Congestive Heart Failure

When you have heart failure, your weakened heart cannot pump enough blood and oxygen to your organs. You may be short of breath, retain fluid, or feel unusually tired. This condition can make everyday activities like walking and climbing stairs more difficult.

What is congestive heart failure?

Congestive heart failure occurs when the heart isn’t pumping blood as efficiently as it should. As a result, the flow of blood to the vital organs decreases and causes the pressures in the heart to increase. This prevents the heart from pumping enough blood that supplies the oxygen and nutrients to meet the body’s needs. Congestive heart failure can be caused by a number of conditions that damage the heart muscle, such as coronary artery disease, heart attack, cardiomyopathy, and high blood pressure. 

Congestive heart failure versus heart failure

Heart failure when associated with congestion or fluid retention is referred to as congestive heart failure. The fluid retention can be in the lungs (pulmonary congestion or pulmonary edema), legs, ankles, liver (hepatic congestion), or the abdomen (ascites).

Types of heart failure are:

 Left-sided heart failure

The heart’s left ventricle is the most important chamber that is responsible for delivering blood and oxygen to all organs. When the left ventricle fails, the function of all organs is affected. There are two types of left-sided heart failure:

Systolic (HFrEF)

This occurs when the heart muscle doesn’t contract with enough force, which leads to less oxygen-rich blood being pumped through the body. 

Diastolic (HFpEF)

With this condition, the heart contracts normally, but the left ventricle is stiff, causing pressure, inside the heart to rise. 

Right-sided heart failure

The heart’s right ventricle works to pump blood into the lungs to be filled with oxygen. During right-sided heart failure, the right ventricle loses its ability to pump. This causes the blood to back up into the veins. Right-sided heart failure typically results in fluid retention and swollen feet, ankles, and legs.  

Acute heart failure

Acute heart failure, also referred to as decompensated heart failure, is a life-threatening condition with rapidly developing symptoms that require immediate medical care. With acute heart failure, the heart struggles to deliver enough oxygen to meet the body’s needs.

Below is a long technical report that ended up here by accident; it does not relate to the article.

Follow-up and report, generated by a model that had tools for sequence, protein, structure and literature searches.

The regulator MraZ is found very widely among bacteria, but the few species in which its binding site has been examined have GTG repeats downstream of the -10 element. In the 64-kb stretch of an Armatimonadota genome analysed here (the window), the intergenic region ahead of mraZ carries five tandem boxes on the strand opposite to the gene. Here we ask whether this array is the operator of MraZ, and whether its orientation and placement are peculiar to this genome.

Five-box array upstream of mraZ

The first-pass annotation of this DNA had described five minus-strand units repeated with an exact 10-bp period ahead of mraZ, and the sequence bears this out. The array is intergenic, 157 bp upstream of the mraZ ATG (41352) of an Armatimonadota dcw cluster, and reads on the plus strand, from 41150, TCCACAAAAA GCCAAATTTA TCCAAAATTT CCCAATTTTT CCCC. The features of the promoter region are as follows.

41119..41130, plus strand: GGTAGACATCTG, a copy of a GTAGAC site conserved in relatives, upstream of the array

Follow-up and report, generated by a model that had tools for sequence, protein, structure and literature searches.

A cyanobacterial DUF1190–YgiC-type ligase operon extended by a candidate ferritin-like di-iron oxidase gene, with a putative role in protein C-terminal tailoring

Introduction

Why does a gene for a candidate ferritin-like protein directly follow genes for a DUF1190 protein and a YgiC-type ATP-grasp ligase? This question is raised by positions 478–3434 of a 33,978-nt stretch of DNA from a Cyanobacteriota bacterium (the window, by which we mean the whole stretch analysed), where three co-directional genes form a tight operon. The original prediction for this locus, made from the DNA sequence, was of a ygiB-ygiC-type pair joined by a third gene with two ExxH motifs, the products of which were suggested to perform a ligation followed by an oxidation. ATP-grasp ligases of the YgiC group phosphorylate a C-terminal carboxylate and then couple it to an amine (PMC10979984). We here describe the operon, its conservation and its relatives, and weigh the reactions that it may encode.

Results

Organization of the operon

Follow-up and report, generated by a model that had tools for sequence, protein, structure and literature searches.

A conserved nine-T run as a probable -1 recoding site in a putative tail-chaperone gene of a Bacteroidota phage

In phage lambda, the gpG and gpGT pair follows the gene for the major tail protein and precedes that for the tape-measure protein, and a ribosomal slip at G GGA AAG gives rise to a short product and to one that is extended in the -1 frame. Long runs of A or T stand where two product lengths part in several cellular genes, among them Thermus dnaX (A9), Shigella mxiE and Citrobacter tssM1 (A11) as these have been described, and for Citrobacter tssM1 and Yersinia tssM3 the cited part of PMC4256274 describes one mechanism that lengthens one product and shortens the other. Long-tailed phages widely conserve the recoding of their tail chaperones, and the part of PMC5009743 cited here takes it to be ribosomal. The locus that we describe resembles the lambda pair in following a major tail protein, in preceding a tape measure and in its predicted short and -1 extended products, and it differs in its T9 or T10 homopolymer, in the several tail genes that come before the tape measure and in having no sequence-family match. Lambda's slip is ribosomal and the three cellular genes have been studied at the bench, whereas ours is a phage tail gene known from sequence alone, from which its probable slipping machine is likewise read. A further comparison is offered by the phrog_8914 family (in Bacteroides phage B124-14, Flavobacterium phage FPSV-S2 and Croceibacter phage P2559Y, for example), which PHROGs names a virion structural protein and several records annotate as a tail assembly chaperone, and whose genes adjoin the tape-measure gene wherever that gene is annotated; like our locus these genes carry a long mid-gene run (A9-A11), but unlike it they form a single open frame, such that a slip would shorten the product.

What is cardiogenic shock?

Cardiogenic shock means that there is sudden, severe loss of heart function that results in dangerously low blood pressures, and inability of the heart to pump enough blood to get oxygen to vital organs and tissues. This condition can result in life-threatening organ dysfunction.

Cardiogenic shock can occur as a result of:

  • A massive heart attack.
  • Heart surgery.
  • Cardiomyopathy (a disease that makes it harder for the heart muscle to pump blood).
  • Chronic heart failure.

When a patient is in shock, time is of the essence. At AHN, a team of experts specializing in cardiogenic shock will act quickly to:

  • Make a rapid diagnosis and start therapy right away.
  • Decide on the right course of care for the best chance of survival.
  • Use proven decision-making pathways.

This process has made huge improvements in helping more patients survive cardiogenic shock.

Congestive heart failure symptoms and stages

Some people may not encounter any symptoms of heart failure. Those who do, however, could experience symptoms that are either constant, intermittent, or progressive, including: 

  • Shortness of breath with exercise, or at rest, caused by congested lungs. 
  • Wheezing or coughing caused by congested lungs. 
  • Swollen feet, ankles, legs, and abdomen caused by fluid retention. 
  • Rapid weight gain due to fluid retention. 
  • Loss of appetite or nausea.
  • Dizziness and confusion due to less blood flow to the brain. 
  • Feeling weak or fatigue due to less blood circulating to major organs. 
  • Rapid or irregular heartbeats (palpitation) from the heart trying to pump more blood into the body.
  • NT-proBNP levels that are higher than normal.

Based upon the severity of symptoms, people with congestive heart failure are categorized using the New York Heart Association (NYHA) Functional Classification system. It places people in one of four classes based on how much they are limited during physical activity.

Class I

There are no limitations to physical activity. Regular physical activity does not cause fatigue, shortness of breath, or palpitation.

Class II

There is slight limitation of physical activity, though the person is comfortable at rest. Regular physical activity results in fatigue, palpitation, or shortness of breath. 

Class III

There is a noticeable limitation of physical activity, though the person is comfortable at rest. Less than regular activity causes fatigue, palpitation, or shortness of breath.